Producing an annual report is a huge job – there are so many details to co-ordinate. Before signing off a final draft, I always get the following items checked at least once, often using different people for specific list items so they can focus and are more likely to spot any errors.

Annual report checklistchecklist for an annual report project

  • company data
    • ABN and similar numbers
    • phone number
    • address
    • online addresses
  • logo is present and used according to the style guide
  • contents page numbers
  • spelling (especially company, people and product names)
  • technical details (eg is it $36 per 100g or 100kg?)
  • figures and data (eg financial tables, returns data)
  • people in photos are named correctly
  • labels on images are correct and with the appropriate image
  • mandatory details are included (various industries have specific items that must be included)
  • images and graphics are appropriate for the brand and ok to use (copyright, model permissions, etc)

THEN

  • report flows from cover to cover (ie read every word in order)
  • check everything fits correctly (eg remove orphans and align page breaks)

 

If all the above have been checked thoroughly, your annual report is correct and can be signed off ready for publication.

It’s easy to rush through this section because time is running out nad everyone’s a bit over the whole project by the end. However, it is such an important part of the process and needs to be carried out diligently (such as having multiple people involved).

When planning the annual report process, I always allow a week and preferably two weeks for the review. Not only does this reduce the rush, it gives me spare time if changes are required and a second review becomes necessary.

Do you have a checklist for finalising an annual report or similar large project? Do you involve multiple people in the review process?

Presentation checklist

A few days ago, I posted about the importance of checking presentation as well as details of your content. Today, I am going to list the details I check for when reviewing a draft for a document’s design elements.

This list is in the order I think of them, not necessarily in any importance.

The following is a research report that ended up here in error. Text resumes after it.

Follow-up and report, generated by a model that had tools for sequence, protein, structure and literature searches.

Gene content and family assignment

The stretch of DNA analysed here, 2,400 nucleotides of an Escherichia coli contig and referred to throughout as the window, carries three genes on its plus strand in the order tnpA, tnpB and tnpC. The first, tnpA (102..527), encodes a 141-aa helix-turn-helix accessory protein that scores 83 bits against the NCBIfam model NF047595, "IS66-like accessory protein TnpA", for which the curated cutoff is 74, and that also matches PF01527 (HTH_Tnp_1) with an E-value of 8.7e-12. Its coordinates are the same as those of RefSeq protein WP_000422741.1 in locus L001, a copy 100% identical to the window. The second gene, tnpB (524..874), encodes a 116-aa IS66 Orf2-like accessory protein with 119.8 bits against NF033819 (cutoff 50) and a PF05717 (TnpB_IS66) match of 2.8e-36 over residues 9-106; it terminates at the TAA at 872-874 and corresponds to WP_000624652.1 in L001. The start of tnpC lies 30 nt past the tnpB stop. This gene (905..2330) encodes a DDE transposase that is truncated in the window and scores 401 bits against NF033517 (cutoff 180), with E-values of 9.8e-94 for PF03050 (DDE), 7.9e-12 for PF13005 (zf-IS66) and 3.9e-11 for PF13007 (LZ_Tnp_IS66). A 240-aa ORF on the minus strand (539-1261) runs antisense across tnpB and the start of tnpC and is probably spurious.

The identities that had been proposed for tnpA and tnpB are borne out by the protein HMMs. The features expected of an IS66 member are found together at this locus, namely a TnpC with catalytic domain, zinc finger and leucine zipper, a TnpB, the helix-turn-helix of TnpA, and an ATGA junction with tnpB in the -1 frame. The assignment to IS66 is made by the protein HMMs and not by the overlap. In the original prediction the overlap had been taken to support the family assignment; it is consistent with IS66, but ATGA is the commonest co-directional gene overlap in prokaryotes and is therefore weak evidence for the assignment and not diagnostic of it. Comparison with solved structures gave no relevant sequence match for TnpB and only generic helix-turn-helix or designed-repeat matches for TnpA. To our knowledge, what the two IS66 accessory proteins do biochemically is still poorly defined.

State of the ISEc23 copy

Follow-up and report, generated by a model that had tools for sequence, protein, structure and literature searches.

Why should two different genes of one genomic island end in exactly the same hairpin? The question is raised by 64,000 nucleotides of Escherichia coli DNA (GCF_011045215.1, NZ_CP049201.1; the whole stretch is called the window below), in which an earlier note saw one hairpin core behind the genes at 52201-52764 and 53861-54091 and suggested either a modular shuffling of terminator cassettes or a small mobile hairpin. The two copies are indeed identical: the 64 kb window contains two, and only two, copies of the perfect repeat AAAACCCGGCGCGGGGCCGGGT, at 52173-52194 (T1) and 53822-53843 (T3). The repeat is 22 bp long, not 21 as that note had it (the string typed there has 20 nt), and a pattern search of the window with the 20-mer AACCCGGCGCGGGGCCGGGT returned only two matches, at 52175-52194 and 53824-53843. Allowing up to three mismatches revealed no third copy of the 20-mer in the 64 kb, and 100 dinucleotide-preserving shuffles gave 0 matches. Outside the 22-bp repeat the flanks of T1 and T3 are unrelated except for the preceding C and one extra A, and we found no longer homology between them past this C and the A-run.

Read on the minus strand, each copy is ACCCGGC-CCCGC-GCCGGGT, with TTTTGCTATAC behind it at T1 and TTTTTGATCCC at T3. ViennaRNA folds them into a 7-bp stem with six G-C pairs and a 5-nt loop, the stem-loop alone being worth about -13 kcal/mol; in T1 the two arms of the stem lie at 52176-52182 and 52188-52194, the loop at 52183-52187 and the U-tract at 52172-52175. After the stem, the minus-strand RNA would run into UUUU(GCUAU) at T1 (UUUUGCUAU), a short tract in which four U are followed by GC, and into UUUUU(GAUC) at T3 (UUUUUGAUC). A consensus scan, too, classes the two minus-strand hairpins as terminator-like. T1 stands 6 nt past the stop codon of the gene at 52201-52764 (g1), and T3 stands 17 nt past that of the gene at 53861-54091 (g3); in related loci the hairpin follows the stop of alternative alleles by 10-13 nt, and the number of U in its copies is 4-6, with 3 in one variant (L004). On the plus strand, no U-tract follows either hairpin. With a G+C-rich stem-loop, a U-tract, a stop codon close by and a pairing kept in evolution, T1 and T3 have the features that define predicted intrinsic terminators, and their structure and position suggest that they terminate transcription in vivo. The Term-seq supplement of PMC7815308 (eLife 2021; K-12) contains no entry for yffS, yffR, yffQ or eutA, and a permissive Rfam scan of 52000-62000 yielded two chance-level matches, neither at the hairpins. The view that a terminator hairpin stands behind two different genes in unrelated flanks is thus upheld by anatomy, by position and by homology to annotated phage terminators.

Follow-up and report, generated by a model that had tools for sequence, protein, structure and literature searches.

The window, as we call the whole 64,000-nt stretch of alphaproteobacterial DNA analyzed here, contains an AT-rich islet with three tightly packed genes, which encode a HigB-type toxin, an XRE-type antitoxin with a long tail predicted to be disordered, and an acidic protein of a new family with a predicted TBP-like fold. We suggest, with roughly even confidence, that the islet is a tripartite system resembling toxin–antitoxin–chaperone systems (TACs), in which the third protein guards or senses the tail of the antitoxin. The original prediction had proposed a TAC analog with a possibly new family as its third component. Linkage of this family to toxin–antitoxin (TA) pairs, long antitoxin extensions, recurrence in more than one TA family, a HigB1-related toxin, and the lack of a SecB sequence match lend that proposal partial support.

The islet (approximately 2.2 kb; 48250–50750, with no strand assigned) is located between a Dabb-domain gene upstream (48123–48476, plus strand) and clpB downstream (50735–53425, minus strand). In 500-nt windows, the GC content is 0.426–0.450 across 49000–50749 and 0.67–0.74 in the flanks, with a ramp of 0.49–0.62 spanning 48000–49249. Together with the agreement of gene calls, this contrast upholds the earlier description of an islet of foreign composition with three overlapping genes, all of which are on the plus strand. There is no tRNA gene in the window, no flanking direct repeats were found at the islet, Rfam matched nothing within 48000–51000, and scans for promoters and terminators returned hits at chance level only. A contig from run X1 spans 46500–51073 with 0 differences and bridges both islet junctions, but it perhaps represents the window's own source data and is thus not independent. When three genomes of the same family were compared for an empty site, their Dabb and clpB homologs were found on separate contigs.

• does the design complement your other materials, such as a website or business card? Does it suit your brand?
      • is your logo and/or business name included and in an appropriate way?
      • does the design match your message?
      • do any paragraphs end with a single word on a line? Professional designers call these ‘orphans’ and do everything to avoid them! I have often adjusted text to pull that last word onto the previous line
      • are headings and contents together? A heading at the bottom of a column and text in the next column is disjointed and looks strange
      • do headings stand out enough? This includes table headings, too
      • is there a consistent font size throughout the document? Headings may be bigger than the text, but should be the same as each other
      • are any tables, diagrams or pictures clearly labelled? Sometimes formatting pushes labels away from the item
      • can the design be adjusted to fit everything into one less page if it is currently an odd number? For example, printing is usually done in multiples of 4 pages so a 5 page document will actually need 8 pages printed
      • does everything match any relevant rules or style guidelines?
      • do contact details stand out sufficiently? People having to search for them are less likely to contact you
      • are the right things emphasised? For instance, if you have text in highlight boxes, do they stand out from the text? Are disclaimers and privacy statements attracting more attention than your main message?
      • are colours and fonts consistent throughout, except as design elements?

If you are happy with all of these details, you will be very close to the correct design for your needs.